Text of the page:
Fans of Karen Hesse and the author’s May B. (2012) will delight in this offering.

BLUE BIRDS

Rose’s novel in verse explores the mystery of the Lost Colony.

Set in 1587, when 117 men, women and children arrived on Roanoke Island to start a new English colony, the story begins from the perspective of 12-year-old Alis, the only girl among them. Although no girls were among these colonists in actuality, as Rose explains in an author’s note, she imagines Alis there as a nursemaid to the younger children in the fort. Always eager to flee her job, to give vent to her grief for her missing uncle (a colonist who arrived on the island earlier), and to explore the “strange and wondrous” land, Alis defies warnings to stay inside the safety of the fort and explores more of the island. When she drops a beloved wooden bird carved by her uncle and it’s found by Kimi, a 13-year-old Roanoke Indian, the poems alternate viewpoints between both girls as they form a secret friendship. Composed in varying formats, the descriptive and finely crafted poems reveal the similarities the two girls share, from loved ones lost to hatred between the English and the Roanoke to a desire for peace. The inclusion of Manteo, the first Native American to be baptized into the Church of England, mirrors the girls’ desire to bridge their two cultures.

Fans of Karen Hesse and the author’s May B. (2012) will delight in this offering. (author’s note) (Historical fiction/verse. 10-13)

Pub Date: March 10, 2015

ISBN: 978-0-399-16810-9

Page Count: 400

Publisher: Putnam

Review Posted Online: Dec. 10, 2014

Kirkus Reviews Issue: Jan. 1, 2015

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The novel’s dryness is mitigated in part by its exploration of immigrant identity, xenophobia, and hate crimes.

COUNT ME IN

Seventh graders Karina Chopra and Chris Daniels live in Houston, Texas, and although they are next-door neighbors, they have different interests and their paths rarely cross.

In fact, Karina, whose family is Indian, doesn’t want to be friends with Chris, whose family is white, because the boys he hangs out with are mean to her. Things change when Karina’s immigrant paternal grandfather, Papa, moves in with Karina’s family. Papa begins tutoring Chris in math, and, as a result, Chris and Karina begin spending time with each other. Karina even comes to realize that Chris is not at all like the rest of his friends and that she should give him a second chance. One day, when Karina, Papa, and Chris are walking home from school, something terrible happens: They are assaulted by a stranger who calls Papa a Muslim terrorist, and he is badly injured. The children find themselves wanting to speak out for Papa and for other first-generation Americans like him. Narrated by Karina and Chris in alternate chapters, Bajaj’s novel gives readers varied and valuable perspectives of what it means to be first- and third-generation Indian Americans in an increasingly diverse nation. Unfortunately, however, Bajaj’s characters are quite bland, and the present-tense narrative voices of the preteen protagonists lack both distinction and authenticity.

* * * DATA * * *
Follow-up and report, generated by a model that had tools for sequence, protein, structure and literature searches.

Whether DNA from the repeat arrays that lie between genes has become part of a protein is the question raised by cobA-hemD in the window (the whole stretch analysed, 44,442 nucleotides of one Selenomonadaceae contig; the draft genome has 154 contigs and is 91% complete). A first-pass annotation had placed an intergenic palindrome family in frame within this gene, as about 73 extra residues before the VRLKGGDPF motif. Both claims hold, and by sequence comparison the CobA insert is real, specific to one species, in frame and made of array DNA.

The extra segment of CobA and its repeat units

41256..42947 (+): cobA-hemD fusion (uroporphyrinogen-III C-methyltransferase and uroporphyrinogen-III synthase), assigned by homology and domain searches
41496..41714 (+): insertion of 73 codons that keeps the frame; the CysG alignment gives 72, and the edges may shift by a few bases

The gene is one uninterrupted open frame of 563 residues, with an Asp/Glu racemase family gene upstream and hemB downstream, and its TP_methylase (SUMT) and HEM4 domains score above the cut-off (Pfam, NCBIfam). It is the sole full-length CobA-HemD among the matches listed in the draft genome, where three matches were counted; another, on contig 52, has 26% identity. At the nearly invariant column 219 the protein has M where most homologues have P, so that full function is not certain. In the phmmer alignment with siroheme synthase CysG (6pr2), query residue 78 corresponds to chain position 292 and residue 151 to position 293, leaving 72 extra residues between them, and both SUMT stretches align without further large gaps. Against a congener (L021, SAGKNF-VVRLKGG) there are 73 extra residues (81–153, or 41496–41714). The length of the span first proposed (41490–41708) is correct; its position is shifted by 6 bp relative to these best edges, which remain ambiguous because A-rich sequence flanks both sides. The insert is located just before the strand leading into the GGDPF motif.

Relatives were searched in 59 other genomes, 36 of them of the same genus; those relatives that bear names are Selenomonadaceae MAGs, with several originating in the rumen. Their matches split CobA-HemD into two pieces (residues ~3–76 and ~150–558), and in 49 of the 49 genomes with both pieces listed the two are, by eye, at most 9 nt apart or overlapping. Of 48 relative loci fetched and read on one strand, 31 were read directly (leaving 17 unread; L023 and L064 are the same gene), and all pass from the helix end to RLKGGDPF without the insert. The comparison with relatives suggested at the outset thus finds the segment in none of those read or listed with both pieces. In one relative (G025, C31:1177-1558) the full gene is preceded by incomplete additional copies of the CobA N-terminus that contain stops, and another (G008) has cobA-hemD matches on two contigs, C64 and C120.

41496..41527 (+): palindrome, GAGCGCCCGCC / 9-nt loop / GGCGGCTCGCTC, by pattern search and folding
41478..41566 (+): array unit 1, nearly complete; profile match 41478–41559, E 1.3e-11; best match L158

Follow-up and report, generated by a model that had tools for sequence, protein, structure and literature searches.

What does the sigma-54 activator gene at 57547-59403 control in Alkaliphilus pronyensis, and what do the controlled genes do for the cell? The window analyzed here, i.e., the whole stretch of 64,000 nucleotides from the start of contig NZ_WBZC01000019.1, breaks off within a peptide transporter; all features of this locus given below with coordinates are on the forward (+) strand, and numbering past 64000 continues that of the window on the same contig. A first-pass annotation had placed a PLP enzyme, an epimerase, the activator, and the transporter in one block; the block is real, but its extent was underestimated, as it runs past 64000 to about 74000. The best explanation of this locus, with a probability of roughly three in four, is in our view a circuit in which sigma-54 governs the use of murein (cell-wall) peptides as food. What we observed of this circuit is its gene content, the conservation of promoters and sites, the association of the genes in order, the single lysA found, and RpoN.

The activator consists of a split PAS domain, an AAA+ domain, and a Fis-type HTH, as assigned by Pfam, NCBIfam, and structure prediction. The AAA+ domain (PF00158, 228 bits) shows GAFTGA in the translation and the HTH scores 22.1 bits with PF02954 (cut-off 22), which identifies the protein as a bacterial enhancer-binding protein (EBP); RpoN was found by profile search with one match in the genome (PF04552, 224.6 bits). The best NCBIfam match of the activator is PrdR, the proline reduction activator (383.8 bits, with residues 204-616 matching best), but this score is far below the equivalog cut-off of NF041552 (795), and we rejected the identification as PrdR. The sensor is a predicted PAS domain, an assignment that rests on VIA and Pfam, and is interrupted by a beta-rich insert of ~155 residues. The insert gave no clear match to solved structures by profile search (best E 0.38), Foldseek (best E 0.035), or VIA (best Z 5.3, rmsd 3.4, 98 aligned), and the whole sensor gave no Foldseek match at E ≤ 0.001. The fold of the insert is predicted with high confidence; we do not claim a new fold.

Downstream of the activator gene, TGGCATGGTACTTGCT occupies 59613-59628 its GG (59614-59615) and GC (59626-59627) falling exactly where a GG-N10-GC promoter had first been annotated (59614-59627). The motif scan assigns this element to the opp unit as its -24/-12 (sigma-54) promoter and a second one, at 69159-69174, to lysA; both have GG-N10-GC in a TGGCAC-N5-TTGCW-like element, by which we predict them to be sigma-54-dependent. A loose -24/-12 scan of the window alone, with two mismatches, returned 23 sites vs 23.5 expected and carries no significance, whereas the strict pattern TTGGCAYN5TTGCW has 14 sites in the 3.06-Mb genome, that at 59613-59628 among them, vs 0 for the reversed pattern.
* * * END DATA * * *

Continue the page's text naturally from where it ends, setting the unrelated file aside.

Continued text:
The novel’s dryness is mitigated in part by its exploration of immigrant identity, xenophobia, and hate crimes. (Fiction. 10-13)

Pub Date: Aug. 27, 2019

ISBN: 978-0-525-51724-5

Page Count: 192

Publisher: Nancy Paulsen Books

Review Posted Online: May 26, 2019

Kirkus Reviews Issue: June 15, 2019

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Wholesome shading to bland, but well-stocked with exotic creatures and locales, plus an agreeable cast headed by a child...

KEEPER OF THE LOST CITIES

A San Diego preteen learns that she’s an elf, with a place in magic school if she moves to the elves’ hidden realm.

Having felt like an outsider since a knock on the head at age 5 left her able to read minds, Sophie is thrilled when hunky teen stranger Fitz convinces her that she’s not human at all and transports her to the land of Lumenaria, where the ageless elves live. Taken in by a loving couple who run a sanctuary for extinct and mythical animals, Sophie quickly gathers friends and rivals at Foxfire, a distinctly Hogwarts-style school. She also uncovers both clues to her mysterious origins and hints that a rash of strangely hard-to-quench wildfires back on Earth are signs of some dark scheme at work. Though Messenger introduces several characters with inner conflicts and ambiguous agendas, Sophie herself is more simply drawn as a smart, radiant newcomer who unwillingly becomes the center of attention while developing what turn out to be uncommonly powerful magical abilities—reminiscent of the younger Harry Potter, though lacking that streak of mischievousness that rescues Harry from seeming a little too perfect. The author puts her through a kidnapping and several close brushes with death before leaving her poised, amid hints of a higher destiny and still-anonymous enemies, for sequels.

Wholesome shading to bland, but well-stocked with exotic creatures and locales, plus an agreeable cast headed by a child who, while overly fond of screaming, rises to every challenge. (Fantasy. 10-12)

Pub Date: Oct. 2, 2012

ISBN: 978-1-4424-4593-2

Page Count: 496

Publisher: Aladdin

Review Posted Online: July 18, 2012

Kirkus Reviews Issue: Sept. 1, 2012

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